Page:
Tax Types

Sri Lanka finally implement VAT Changes

As of the 1st of November 2016 the VAT rate in Sri Lanka has risen from 11% to 15%. There has been a lot of confusion over the last few years as to what changes the Government were going to make, as they have announced several proposals previously that have fallen though at the eleventh hour see our previous post here – Will Sri Lanka implement an increased VAT rate?. This is one reason why it is essential to have an adaptable and manageable indirect tax solution.

With this standard VAT increase there have also been several other VAT changes implemented. A range of 81 basic foodstuffs and other products are now Zero-rated. These changes fall inline with the monetary programme set out by the IMF.

Egypt Ratifies VAT Law

Egypt Ratifies VAT Law

Egypt’s President Abdel Fattah el-Sisi has approved the VAT law completing the ratification procedures needed to bring in the introduction of VAT.

Egypt have been talking about making this change for a while now so for many it is a surprise that is has finally been ratified. This change to a VAT system from their current Sales Tax system will be a big change for Egypt, the bylaws for the new legislation will be issued within 30 days. The rate will come in at 13% for 2016/17 fiscal year then rise 1% to 14% the following year.

One of the governments aims with this VAT law is to increase VAT compliance and decrease Tax evasion. The VAT scheme will be implemented as a traditional VAT scheme where VAT is gathered at every stage of the production chain rather than just as a one-off at the end of the chain as is implemented now. There will still be a list of exempted goods/services.

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IMF welcomes UAE’s VAT plan

 

The United Arab Emirates (UAE) has announced plans to introduce a VAT regime and increase excise taxes, a move that has been welcomed by the International Monetary Fund (IMF).

The UAE Finance Minister has announced that Value Added Tax (VAT) will be introduced at an expected rate of 5% with around 100% items expected to be exempt. The UAE and the other Gulf Cooperation Council (GCC) members have been negotiating a proposed pan-GCC VAT for more than a decade and finally settled on a draft plan last year.

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What Exchange Rate To Use For Foreign Currency Invoices From Domestic Suppliers

Do I have to use the exchange rate on the supplier invoice when entering a domestic invoice with a foreign currency.

Most ERP systems, good ones at least such as Oracle and SAP, will allow you to enter and store an exchange rate to use for your foreign currency invoices so that the foreign currency will then be automatically converted to your ledger currency when posted. There are also times when you may receive a foreign currency invoice, USD is the most common scenario, from a domestic supplier and VAT is charged because the sale is within the same country.

The problem

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Senior Account Officers say VAT is causing them most concern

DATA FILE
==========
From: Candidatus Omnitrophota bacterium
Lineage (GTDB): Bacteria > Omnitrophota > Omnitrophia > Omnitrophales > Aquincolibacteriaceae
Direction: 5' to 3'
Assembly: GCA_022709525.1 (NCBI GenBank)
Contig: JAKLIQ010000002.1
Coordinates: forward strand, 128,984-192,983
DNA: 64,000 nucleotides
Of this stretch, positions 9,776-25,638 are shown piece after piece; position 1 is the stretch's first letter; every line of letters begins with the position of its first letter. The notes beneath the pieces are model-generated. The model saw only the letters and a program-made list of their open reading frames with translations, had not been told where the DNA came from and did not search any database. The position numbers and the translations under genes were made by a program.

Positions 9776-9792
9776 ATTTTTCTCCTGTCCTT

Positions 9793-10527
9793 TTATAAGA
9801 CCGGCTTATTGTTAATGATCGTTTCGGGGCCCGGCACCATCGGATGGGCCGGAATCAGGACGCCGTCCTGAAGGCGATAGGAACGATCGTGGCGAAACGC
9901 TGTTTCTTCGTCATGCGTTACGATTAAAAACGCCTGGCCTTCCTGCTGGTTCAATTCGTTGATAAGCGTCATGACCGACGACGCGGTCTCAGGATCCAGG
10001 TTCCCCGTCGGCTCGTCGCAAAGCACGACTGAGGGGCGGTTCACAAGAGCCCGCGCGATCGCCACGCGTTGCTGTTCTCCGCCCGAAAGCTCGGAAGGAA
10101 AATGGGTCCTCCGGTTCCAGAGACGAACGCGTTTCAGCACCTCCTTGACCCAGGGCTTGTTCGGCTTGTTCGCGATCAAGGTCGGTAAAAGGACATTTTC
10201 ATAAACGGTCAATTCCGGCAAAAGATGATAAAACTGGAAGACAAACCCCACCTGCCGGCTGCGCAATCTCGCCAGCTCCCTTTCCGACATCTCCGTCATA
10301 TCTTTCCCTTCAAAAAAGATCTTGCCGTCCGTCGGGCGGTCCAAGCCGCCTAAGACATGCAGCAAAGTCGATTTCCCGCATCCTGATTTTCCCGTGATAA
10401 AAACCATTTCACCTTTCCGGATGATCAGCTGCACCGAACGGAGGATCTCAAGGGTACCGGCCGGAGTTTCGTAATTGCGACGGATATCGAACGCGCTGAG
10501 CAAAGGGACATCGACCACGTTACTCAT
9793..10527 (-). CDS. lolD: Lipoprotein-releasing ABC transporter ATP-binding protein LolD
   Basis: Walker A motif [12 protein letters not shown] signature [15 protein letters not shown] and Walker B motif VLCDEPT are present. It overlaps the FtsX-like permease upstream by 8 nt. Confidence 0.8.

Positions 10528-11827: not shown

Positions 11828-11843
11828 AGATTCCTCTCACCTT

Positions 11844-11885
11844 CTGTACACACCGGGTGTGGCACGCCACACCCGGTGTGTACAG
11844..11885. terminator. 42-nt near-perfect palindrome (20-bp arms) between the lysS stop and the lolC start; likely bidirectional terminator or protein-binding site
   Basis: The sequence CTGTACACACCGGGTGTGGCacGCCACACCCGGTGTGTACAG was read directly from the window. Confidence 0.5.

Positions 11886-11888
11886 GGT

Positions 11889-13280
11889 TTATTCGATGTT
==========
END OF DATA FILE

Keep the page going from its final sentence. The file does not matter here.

Why be worried about VAT compliance when the answer is out there?

A poll conducted by one of the big 4 consultancies and outlined in their ‘SAO Toolkit‘ said that from a recent poll (no date was given so assume still recent), “over three- quarters (77%) of Senior Accounting Officers say they undertook a review of their reporting systems and nearly half (46%) of firms say VAT is the area of tax which is causing them most concern, followed by PAYE (32%), corporation tax (11%) and excise”.

With this in mind, why then do so many companies have such poorly designed VAT systems and do not invest any money in reducing the risk of non compliance around VAT?

Get in touch with us to find out how we can lead the way to achieving 100% compliance.

Oman to introduce VAT in 2018

The Omani government has announced its plans to introduce a VAT regime, previously said to be as early as 2017, it’s now believed this will come into affect on the 1st of January 2018, giving businesses more time to acclimatise.

The VAT rate is expected to come in at 5%, which although low by European standards, is expected to generate OMR250 million a year. These extra funds are needed to cover the gap caused by the recent and continued drop in oil prices which are affecting many of the Gulf states. The Omani government have also stated that they will introduce a zero rate for many essential and basic goods and services.

For more information click here (note it goes to our new Innovate Tax site)

Puerto Rico VAT Plans blocked

Puerto Rico’s plans to introduce VAT on the 1st June 2016 appear to have been scrapped.

Earlier this month legislators voted against the introduction of VAT to replace the current Sales and Use Tax, with an almost unanimous vote of 21 to 1.

However, there is still much confusion as to what will happen with Puerto Rico’s indirect tax regime as they are still in dire need of a way in which to raise funds to cover their rising debt, so a VAT regime could still be on the cards?

Canada: Prince Edward Island PST increase

On April 19th 2016, the finance minister for the Canadian province of Prince Edward Island, announced the fiscal 2016-17 budget. Whilst it contained no new taxes or further increases to income tax, it did contain an increase to the Provincial tax part of the Harmonised Sales Tax (HST), taking this from 14% to 15%. This is made up of 10% PST and 5% GST and will be effective as of the 1st of October 2016.